Tag Archives: Volunteering

Age is only a number, right? Chances are you know someone who is a “young”
60 but know others that are “not-so-young” 60-year-olds; what is the difference? It could be any number of things ranging from overall health and wellbeing to mental attitude.

A positive attitude can go far in helping you remain young at heart even as you age. Here are five ways tips to help you stay “young” and vibrant:
1. Don’t close yourself off to new opportunities. Just because you’re getting older doesn’t mean you can’t try new things. Join a dinner club, take up golf, get out to a movie with friends on a weekly basis, go out and play Bingo, volunteer for your favorite charity. Staying home and not stretching yourself mentally (and perhaps physically) is a certain way to “feel your age.”
2. Your health should be a number one priority. From eating healthy meals to getting daily exercise the best way to remain vibrant is by keeping mind and body active. Join a senior yoga class, ask your doctor what kind of exercises are right for you at your current level of health and mobility. Get out and take a short walk after dinner. If you’re not accustomed to being active, it may be a habit you will have to foster, but your mind and body will thank you.
3. Let go of anger and hostility. Let’s face it, we all have issues with family that simmers until it gets to a boiling point. Keeping anger and resentment bottled up inside of you is damaging to your overall health and stresses both body and mind. Whether you learn to forgive and forget or not get involved in a situation that places you with a person with whom you’re angry, you need to find a way to set that anger free so you can remain healthy and stress-free.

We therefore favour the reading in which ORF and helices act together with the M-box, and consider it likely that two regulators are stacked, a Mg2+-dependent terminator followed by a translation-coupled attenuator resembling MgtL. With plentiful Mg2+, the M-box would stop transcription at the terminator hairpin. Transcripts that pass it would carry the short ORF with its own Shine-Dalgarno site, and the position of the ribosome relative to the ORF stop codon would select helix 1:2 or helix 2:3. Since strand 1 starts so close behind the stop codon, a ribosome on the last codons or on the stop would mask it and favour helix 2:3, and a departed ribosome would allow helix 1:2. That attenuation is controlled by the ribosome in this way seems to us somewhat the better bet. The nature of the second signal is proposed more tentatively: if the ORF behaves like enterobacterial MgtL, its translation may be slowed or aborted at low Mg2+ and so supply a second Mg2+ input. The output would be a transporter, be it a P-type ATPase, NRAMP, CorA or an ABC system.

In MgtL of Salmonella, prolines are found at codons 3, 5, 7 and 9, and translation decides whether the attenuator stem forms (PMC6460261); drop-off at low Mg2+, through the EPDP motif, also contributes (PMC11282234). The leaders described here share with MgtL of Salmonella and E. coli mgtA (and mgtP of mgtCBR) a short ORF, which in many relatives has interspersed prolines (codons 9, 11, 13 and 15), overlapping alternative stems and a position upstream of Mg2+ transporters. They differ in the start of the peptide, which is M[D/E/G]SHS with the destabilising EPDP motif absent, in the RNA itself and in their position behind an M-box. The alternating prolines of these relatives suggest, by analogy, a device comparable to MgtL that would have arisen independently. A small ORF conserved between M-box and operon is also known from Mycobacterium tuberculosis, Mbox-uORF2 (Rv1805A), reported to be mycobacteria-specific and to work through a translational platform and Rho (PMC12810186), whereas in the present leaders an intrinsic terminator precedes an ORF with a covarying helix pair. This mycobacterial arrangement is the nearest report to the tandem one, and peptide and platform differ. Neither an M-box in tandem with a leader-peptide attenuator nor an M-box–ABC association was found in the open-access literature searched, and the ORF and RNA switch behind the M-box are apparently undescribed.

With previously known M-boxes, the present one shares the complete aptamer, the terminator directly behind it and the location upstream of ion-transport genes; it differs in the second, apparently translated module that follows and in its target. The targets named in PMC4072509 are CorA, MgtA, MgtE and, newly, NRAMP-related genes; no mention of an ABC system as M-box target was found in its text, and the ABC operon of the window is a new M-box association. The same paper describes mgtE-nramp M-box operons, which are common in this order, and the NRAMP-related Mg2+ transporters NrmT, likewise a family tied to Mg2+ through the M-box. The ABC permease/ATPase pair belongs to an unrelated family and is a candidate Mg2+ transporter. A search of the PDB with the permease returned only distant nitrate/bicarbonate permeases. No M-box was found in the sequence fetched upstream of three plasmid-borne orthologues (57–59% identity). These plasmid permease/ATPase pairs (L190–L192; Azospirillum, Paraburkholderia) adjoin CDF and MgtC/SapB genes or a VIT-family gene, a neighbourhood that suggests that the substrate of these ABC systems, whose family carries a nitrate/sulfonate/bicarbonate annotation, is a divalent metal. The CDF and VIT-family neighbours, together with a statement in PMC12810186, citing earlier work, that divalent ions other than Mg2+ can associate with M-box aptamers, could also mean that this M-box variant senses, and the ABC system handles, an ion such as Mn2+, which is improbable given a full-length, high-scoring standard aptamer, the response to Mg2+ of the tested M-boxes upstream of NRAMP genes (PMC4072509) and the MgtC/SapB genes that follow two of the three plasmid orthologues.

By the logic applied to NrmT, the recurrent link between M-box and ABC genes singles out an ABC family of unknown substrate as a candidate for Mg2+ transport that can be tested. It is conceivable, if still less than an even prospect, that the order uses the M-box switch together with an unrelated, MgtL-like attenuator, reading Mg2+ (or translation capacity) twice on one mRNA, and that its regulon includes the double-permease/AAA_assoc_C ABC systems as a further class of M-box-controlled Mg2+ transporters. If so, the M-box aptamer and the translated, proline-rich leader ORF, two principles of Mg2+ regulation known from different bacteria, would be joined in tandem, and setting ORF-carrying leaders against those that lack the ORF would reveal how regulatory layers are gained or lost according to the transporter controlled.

4. Nurture those relationships that bring you joy. If you have children and grandchildren, make spending time with them a priority. In today’s busy world, it’s not always easy to get everyone together for a family meal, but ask your family about doing just that, even if it’s just once a month. For those times when you can’t physically be together, why not set up a Skype chat or even “eat dinner together” via webcam. If you’re not tech savvy ask your children to set you up with a computer that is easy to use and one that you can use to have web-chats with friends and family. There’s nothing better than seeing the smiling faces of your family to break up isolation and bring you joy!
5. Volunteer your time and talents. Do you have a unique talent that you could share with others? Perhaps you’re a whiz at knitting or woodworking or maybe you’re a writer or a dog trainer; take those skills to the public and teach a class at a local senior center or in an adult learning class. If you don’t have a particular talent, then take a class and learn something new. Volunteer at a local animal shelter or a charitable organization whose mission you support. In addition to feeling great about giving back, getting out and socializing is simply great for body, mind and soul.